The Double Dealer, Volumes 5-6

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Kraus Reprint Corporation, 1923 - Literature, Modern

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Page 174 - What are the roots that clutch, what branches grow Out of this stony rubbish? Son of man, You cannot say, or guess, for you know only A heap of broken images, where the sun beats, And the dead tree gives no shelter, the cricket no relief, And the dry stone no sound of water.
Page 98 - LAST night ah, yesternight, betwixt her lips and mine There fell thy shadow, Cynara! thy breath was shed Upon my soul between the kisses and the wine; And I was desolate and sick of an old passion, Yea, I was desolate and bowed my head: I have been faithful to thee, Cynara! in my fashion.
Page 174 - Phlebas the Phoenician. a fortnight dead." Forgot the cry of gulls. and the deep sea swell And the profit and loss. A current under sea Picked his bones in whispers. As he rose and fell He passed the stages of his age and youth Entering the whirlpool.
Page 101 - They are not long, the weeping and the laughter, Love and desire and hate: I think they have no portion in us after We pass the gate. They are not long, the days of wine and roses: Out of a misty dream Our path emerges for a while, then closes Within a dream.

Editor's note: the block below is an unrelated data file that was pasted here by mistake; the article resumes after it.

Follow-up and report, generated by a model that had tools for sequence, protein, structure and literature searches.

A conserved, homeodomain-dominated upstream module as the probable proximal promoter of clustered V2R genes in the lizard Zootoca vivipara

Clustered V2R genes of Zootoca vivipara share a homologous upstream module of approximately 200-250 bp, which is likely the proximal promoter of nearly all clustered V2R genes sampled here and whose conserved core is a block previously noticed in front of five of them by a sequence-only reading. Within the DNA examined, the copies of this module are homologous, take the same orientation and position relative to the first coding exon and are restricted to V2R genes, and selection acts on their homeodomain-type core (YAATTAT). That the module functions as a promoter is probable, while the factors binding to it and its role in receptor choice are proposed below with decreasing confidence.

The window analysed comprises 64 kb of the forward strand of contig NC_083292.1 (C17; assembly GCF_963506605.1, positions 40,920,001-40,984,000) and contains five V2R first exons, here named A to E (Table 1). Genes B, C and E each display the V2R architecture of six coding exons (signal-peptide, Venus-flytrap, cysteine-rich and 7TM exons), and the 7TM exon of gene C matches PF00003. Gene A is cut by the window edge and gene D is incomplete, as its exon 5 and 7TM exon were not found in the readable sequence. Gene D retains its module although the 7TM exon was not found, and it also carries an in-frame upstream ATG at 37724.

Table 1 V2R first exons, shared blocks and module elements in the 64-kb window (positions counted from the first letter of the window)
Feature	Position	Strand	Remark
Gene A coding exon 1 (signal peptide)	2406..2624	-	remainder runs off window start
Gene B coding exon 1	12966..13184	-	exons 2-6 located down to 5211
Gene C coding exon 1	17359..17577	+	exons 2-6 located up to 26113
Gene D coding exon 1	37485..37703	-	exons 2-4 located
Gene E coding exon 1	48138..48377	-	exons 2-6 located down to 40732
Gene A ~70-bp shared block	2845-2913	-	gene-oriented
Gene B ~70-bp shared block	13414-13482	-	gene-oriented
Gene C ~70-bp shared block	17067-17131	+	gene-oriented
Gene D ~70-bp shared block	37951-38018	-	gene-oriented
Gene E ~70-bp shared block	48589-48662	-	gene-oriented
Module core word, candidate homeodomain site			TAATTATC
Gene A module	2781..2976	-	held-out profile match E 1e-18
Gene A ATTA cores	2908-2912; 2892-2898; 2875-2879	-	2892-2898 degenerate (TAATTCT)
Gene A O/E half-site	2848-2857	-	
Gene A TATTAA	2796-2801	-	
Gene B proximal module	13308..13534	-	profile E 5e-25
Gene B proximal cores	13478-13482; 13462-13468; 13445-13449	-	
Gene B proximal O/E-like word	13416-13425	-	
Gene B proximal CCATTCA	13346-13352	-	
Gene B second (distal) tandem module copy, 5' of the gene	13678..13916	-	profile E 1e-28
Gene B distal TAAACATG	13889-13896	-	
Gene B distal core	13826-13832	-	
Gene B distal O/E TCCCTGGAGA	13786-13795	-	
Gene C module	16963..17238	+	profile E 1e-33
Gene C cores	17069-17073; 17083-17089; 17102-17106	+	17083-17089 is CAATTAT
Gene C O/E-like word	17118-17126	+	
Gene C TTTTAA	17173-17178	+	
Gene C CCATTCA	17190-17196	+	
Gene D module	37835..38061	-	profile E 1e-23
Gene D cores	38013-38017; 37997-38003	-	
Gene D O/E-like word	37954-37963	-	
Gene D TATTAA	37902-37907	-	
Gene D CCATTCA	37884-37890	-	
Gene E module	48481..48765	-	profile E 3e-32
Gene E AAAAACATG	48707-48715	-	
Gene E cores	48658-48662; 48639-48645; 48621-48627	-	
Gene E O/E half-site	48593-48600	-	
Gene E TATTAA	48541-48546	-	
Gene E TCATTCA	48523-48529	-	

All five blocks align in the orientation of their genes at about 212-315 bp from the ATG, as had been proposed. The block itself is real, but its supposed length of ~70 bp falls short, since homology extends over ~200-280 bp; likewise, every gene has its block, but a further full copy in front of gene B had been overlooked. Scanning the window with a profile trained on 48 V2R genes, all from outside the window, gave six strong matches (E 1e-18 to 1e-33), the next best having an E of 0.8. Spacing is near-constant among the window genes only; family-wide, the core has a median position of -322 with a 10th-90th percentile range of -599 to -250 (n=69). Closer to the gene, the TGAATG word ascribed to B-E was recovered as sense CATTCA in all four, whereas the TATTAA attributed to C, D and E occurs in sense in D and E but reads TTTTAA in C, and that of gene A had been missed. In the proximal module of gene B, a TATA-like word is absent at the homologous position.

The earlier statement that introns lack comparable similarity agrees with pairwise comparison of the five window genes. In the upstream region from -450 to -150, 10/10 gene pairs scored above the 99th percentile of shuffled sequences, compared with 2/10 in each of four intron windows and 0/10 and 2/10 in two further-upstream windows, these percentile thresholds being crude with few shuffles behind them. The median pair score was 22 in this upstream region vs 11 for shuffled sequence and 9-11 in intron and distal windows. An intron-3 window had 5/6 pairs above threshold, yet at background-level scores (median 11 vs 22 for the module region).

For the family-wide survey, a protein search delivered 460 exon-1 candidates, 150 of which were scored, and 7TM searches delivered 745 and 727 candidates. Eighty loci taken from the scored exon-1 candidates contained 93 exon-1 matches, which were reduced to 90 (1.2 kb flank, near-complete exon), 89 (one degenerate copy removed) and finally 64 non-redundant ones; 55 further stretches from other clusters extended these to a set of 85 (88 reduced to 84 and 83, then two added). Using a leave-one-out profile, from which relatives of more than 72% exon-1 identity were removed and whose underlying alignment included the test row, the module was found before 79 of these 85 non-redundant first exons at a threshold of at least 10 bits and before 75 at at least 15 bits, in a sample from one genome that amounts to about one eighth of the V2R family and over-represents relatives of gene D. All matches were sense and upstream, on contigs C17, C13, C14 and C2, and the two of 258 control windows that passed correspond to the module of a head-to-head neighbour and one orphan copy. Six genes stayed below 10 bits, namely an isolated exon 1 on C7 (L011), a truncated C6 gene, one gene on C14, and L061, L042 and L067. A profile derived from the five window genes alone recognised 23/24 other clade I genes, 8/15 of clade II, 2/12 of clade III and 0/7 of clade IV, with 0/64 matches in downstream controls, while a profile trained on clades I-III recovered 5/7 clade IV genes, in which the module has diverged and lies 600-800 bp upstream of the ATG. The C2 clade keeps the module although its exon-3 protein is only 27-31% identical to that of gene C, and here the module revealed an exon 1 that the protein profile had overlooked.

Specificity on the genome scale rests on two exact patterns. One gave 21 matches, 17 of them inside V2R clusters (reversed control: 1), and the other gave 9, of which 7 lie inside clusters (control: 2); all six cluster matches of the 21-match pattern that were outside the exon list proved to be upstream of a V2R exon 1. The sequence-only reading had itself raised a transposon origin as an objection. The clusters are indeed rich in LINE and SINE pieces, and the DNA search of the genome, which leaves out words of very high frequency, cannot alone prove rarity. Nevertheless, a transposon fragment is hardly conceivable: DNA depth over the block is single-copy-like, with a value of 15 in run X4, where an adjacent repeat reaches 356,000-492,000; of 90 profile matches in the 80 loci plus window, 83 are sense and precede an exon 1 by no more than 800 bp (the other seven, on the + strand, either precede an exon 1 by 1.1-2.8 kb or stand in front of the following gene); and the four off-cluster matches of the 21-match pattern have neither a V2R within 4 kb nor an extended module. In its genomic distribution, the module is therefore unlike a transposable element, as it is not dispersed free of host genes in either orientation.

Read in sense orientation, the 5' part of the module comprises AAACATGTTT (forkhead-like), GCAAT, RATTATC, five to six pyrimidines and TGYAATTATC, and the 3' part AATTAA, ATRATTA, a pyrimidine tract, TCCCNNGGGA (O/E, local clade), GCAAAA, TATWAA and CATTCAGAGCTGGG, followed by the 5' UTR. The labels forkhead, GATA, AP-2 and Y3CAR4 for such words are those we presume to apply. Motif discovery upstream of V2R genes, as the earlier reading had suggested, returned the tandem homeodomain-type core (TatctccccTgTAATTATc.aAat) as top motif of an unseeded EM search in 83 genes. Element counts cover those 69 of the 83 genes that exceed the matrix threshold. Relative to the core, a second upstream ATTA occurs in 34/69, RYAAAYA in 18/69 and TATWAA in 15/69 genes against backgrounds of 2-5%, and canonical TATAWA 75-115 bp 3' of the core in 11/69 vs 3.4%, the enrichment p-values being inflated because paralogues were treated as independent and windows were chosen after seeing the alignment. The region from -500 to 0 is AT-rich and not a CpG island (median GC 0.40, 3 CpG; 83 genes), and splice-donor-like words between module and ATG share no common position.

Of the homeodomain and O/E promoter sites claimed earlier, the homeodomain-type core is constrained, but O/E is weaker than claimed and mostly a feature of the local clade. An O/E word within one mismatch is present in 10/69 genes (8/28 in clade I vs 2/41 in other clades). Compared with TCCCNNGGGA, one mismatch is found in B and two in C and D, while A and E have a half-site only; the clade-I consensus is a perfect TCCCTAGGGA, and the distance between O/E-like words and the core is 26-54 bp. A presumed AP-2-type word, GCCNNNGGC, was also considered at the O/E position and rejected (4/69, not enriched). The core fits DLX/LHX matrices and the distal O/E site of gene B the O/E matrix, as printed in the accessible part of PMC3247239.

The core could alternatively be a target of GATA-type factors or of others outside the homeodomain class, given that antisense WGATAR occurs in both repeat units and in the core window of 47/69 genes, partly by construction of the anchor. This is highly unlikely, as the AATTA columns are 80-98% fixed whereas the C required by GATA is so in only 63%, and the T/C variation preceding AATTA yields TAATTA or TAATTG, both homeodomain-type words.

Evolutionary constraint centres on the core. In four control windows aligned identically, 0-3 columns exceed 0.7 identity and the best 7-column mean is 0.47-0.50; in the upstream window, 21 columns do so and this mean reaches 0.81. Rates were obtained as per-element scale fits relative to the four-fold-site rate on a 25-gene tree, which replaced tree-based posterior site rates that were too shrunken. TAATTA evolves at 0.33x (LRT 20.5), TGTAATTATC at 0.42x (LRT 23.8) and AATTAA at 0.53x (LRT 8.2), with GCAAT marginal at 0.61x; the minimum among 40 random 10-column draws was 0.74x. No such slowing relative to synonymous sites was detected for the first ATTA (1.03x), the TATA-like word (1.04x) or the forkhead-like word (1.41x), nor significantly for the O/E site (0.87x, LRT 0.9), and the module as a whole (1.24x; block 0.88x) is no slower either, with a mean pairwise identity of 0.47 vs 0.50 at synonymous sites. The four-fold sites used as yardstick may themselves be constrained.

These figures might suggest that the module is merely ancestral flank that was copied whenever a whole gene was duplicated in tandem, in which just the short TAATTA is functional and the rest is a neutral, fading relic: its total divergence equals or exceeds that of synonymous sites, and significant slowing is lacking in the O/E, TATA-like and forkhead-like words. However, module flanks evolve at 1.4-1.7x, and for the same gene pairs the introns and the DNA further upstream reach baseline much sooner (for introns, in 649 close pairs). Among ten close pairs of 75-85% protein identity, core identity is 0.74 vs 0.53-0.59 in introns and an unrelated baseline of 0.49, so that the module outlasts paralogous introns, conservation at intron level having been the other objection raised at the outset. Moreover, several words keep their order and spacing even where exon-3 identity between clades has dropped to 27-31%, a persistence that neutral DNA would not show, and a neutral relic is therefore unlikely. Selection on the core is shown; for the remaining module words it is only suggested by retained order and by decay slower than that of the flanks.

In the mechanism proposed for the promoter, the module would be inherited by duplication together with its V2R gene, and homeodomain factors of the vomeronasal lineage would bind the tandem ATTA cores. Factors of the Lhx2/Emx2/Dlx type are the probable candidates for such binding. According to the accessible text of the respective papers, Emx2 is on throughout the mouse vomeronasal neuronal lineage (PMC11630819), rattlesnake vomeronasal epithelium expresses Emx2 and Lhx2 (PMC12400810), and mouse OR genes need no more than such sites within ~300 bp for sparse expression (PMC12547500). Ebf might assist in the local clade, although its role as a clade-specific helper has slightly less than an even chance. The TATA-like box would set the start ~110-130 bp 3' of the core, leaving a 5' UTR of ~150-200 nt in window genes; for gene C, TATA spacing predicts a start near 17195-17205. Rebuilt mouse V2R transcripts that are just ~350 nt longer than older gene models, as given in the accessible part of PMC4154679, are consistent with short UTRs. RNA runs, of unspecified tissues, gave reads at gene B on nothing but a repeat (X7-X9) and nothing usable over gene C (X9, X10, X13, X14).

Page 205 - The Pasture I'm going out to clean the pasture spring; I'll only stop to rake the leaves away (And wait to watch the water clear, I may): I shan't be gone long. — You come too. I'm going out to fetch the little calf That's standing by the mother. It's so young, It totters when she licks it with her tongue. I sha'n't be gone long. — You come too.
Page 73 - Some say the world will end in fire, Some say in ice. From what I've tasted of desire I hold with those who favor fire.
Page 101 - I think poetry should surprise by a fine excess, and not by singularity ; it should strike the reader as a wording of his own highest thoughts, and appear almost a remembrance.
Page 99 - I have forgot much, Cynara! gone with the wind, Flung roses, roses riotously with the throng, Dancing, to put thy pale, lost lilies out of mind; But I was desolate and sick of an old passion, Yea, all the time, because the dance was long: I have been faithful to thee, Cynara! in my fashion.
Page 161 - Know you what it is to be a child? It is to be something very different from the man of today. It is to have a spirit yet streaming from the waters of baptism; it is to believe in love, to believe in loveliness, to believe in belief...
Page 174 - April is the cruellest month, breeding Lilacs out of the dead land, mixing Memory and desire, stirring Dull roots with spring rain.

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